But on Tuesday, the Knesset’s Coronavirus Committee overturned that decision and ruled that restaurants can reopen.

Shasha-Biton, of Prime Minister Benjamin Netanyahu’s Likud party, had already proved a thorn in the side of the government when she reversed an order to close outdoor swimming pools. Her committee also voted to keep pools and beaches open on weekends, contrary to a cabinet decision last week that would have seen them included in weekend closures aimed at halting a recent surge in infections.

A tighter weekend lockdown had been expected to take effect from Friday, including restrictions on movement.

According to Channel 13 news, the panel has asked the cabinet to examine the possibility of opening shops at least within Arab communities ahead of the Eid al-Adha festival next week, thereby reducing congestion in shopping centers during the week.

The latest decision from the committee came hours after the Knesset passed a law that grants the cabinet expanded powers to impose wide-ranging restrictions to curb the coronavirus pandemic, while reducing parliamentary oversight.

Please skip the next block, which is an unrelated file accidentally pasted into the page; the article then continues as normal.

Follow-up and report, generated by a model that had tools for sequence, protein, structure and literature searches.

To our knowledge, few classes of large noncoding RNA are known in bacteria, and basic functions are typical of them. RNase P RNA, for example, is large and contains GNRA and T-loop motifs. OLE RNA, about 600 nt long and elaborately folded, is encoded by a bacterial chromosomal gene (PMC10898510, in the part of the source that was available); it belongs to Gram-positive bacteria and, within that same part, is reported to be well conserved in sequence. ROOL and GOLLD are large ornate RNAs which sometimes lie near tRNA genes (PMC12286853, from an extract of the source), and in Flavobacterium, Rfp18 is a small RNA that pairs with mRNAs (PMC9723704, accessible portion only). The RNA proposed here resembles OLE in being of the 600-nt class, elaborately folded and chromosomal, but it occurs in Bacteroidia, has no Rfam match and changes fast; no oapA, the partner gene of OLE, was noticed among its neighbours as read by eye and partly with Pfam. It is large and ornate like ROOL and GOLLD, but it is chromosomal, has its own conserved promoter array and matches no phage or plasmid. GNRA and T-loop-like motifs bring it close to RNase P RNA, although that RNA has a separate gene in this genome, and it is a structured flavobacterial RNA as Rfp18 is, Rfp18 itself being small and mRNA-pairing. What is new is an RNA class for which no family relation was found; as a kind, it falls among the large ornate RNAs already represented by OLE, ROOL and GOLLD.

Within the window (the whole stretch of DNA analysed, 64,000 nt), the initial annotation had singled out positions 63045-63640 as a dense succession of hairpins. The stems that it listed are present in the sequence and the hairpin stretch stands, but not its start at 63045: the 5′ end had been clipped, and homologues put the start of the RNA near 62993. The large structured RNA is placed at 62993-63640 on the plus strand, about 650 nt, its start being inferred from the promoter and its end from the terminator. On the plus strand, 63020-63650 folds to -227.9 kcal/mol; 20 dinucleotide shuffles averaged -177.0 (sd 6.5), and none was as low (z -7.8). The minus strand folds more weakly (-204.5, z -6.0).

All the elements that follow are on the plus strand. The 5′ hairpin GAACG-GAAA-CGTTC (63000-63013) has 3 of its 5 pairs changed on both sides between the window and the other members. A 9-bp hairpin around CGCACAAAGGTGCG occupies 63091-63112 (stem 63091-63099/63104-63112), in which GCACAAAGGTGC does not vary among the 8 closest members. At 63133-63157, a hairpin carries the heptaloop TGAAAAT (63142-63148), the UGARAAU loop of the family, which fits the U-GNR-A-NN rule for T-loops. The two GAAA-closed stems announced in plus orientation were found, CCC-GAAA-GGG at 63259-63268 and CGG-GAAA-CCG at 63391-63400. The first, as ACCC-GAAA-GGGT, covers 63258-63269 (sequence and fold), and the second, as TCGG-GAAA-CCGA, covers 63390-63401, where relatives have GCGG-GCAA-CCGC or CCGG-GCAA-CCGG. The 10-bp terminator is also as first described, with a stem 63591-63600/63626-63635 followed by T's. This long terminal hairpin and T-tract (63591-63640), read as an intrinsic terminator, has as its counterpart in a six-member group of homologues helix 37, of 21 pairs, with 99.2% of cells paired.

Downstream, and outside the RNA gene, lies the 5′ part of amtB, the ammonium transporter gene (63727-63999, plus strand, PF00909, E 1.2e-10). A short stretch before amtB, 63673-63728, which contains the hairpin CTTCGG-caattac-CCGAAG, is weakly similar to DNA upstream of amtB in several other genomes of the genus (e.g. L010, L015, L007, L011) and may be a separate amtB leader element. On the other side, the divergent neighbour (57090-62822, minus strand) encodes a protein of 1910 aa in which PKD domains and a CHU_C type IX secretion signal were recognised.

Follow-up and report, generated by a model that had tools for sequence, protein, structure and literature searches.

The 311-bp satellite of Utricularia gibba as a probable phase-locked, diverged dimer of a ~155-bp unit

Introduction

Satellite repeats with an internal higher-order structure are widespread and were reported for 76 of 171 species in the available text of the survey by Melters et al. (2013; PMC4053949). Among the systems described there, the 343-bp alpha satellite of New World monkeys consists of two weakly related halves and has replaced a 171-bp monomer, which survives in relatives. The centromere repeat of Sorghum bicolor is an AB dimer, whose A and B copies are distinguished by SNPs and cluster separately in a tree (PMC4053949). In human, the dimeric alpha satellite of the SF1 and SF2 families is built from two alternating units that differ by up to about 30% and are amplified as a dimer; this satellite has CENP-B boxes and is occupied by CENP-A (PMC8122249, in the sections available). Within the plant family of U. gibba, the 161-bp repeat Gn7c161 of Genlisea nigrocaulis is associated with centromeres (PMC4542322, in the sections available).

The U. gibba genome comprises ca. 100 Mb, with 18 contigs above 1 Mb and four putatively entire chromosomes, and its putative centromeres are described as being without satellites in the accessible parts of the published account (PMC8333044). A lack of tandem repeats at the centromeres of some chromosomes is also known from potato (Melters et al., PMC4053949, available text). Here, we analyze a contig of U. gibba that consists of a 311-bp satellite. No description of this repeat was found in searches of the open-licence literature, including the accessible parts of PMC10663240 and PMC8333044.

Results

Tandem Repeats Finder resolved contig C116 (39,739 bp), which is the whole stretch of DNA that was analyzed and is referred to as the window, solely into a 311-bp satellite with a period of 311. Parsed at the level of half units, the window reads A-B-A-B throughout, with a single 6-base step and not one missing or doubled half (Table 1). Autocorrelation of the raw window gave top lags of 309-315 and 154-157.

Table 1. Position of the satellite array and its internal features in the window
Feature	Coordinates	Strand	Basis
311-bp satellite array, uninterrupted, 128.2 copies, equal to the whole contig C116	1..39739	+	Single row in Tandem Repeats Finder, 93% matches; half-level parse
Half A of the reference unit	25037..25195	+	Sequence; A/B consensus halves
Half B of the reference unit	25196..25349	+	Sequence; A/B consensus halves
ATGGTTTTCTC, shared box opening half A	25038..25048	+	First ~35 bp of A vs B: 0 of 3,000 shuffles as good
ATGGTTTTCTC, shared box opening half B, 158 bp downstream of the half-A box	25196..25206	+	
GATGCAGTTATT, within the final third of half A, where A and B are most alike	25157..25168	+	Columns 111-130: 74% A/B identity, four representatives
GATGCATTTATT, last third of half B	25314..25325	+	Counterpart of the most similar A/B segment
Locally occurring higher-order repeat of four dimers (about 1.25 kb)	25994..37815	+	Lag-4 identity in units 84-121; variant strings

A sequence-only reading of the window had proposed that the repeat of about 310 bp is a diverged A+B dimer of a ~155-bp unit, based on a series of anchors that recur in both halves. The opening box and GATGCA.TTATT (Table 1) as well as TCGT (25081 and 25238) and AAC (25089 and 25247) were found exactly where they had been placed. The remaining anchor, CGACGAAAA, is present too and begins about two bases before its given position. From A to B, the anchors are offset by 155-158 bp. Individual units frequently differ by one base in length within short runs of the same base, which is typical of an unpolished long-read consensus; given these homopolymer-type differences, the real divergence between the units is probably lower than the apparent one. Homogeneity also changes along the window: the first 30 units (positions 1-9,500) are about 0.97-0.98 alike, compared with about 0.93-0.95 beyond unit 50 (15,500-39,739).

However, Shasha-Biton on Thursday said that she and the committee would still work to oversee the fight against the pandemic, even without the power to give orders.

“Do not rush to eulogize the committee. We will continue to engage in the core of the lives of the people during the coronavirus [pandemic] and we will continue to ask the difficult questions and oversee the work of the cabinet, even without [the ability to give] orders,” Shasha-Biton said.

The Knesset plenum on July 22, 2020. (Screenshot: Knesset Channel)

The so-called Great Coronavirus Law, which comes into force on August 10, reduces the Knesset’s oversight power and neuters the Coronavirus Committee.

Netanyahu had reportedly weighed firing Shasha-Biton but instead the new law deprives her committee of its authority to reverse cabinet orders, and grants four other Knesset panels more limited oversight powers.